Let’s discuss finances, shall we? Like many college students, I have a job, as you probably do too. What’s best about having a job is financial independence apart from my parents’ income. For this financial security, I spend half my week as a server at Cracker Barrel. Now let me tell you what I’ve learned about serving and the crimes against humanity.
I can’t tell you how many times someone has come into Cracker Barrel feeling like hot stuff because they’re able to take advantage of the server. I’m sure plenty of servers can relate anywhere, but somehow the home-cooking marketed chain of Cracker Barrel is notorious for old people to come in and leave a crappy tip.
But what’s richer are the millennials and Gen Zs who come in and do the same. They’re just as guilty as the baby boomers. I haven’t entirely given up hope for humanity yet, so my only explanation for low tippers is due to the undereducation or inexperience of a server’s life. Allow me to enlighten you.
First off, servers make $2.13/hour. That is impoverishment level wages. All the money I bring home are tips because that meager 2.13 goes straight to Uncle Sam. On the off chance that I do get to see that wage when my paycheck comes in, the most it’s ever been was $11 after two weeks. Who can pay bills on that wage alone? Nobody in America. That’s why tips matter the most. It’s a server’s only income.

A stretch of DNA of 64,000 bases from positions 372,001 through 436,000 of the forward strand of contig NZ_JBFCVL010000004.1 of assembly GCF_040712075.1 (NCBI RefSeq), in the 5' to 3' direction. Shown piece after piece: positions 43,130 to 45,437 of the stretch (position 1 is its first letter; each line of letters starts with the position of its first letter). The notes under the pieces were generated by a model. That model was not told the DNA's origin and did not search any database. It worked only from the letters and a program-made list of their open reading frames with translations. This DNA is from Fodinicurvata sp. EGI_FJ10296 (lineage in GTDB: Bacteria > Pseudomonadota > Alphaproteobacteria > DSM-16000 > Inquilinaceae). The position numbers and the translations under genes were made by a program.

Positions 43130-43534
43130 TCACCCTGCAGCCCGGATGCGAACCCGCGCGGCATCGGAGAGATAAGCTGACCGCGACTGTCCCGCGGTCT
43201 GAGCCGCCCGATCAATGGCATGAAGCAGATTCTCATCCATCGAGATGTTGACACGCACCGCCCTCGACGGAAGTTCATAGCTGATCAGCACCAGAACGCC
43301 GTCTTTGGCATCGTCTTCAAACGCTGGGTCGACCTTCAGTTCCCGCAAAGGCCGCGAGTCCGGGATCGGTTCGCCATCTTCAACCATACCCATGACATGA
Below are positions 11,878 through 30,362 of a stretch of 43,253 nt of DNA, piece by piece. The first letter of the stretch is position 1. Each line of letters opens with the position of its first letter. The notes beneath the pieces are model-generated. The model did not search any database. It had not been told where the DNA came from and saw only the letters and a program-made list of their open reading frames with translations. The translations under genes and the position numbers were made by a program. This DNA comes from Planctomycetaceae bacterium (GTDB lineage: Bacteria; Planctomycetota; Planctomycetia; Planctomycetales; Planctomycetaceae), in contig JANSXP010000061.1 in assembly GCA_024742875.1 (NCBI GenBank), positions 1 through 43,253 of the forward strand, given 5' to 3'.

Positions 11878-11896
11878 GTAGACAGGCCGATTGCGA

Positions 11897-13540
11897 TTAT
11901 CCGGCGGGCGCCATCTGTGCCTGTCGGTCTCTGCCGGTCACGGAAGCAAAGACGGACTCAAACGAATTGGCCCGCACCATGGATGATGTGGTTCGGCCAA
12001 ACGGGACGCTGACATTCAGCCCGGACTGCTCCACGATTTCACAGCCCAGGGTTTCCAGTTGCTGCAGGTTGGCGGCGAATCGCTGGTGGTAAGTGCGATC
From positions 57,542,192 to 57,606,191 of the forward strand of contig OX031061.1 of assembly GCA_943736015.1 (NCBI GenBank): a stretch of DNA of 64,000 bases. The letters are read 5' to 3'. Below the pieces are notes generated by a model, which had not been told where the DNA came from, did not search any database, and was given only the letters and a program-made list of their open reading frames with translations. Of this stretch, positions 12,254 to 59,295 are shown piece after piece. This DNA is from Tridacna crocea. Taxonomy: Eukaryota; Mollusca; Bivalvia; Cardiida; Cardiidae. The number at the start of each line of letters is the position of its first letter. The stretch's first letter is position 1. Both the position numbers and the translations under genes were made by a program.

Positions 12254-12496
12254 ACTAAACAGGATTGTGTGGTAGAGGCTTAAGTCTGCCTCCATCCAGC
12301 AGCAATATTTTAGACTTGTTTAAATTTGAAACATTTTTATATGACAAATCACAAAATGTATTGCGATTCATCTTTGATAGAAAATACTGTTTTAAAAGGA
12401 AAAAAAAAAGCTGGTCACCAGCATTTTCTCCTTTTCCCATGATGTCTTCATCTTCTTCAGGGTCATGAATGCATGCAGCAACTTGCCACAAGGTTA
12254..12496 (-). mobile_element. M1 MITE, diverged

Secondly, many people have said that servers make a killing in tips. FALSE. Sometimes that’s true, but only because many families/individuals have been generous enough to tip the appropriate amount of 15-20 percent. I thank God for those people.
In consequence, some may justify themselves by saying the $2 they lay down will be a drop in the bucket compared to the rest of the shift’s earnings, but I guarantee you that every server counts those tips religiously and marks up just how much of a waste their time was spent on someone who decided to tip low. If you don’t feel like tipping, go somewhere else. Panera Bread, McAllister’s and other sit-downs don’t require a tip.
Overall, the best advice I can give to someone who doesn’t understand how to tip is this:
1. Tip 20 percent. If you have the money to eat out, you should have the money to support your server since you have enough to support the restaurant.
2. ALWAYS tip more than you think is “right.” Be generous. Give unto those you wish to be done unto you. Remember the Golden Rule.
3. If you don’t want to tip correctly, please, by all means tell your server you’ll only be tipping them $2. See what kind of service you get then. After all, fair is fair.
To those of you nodding your heads at this article, thank you for your generosity. All servers everywhere appreciate your kindness.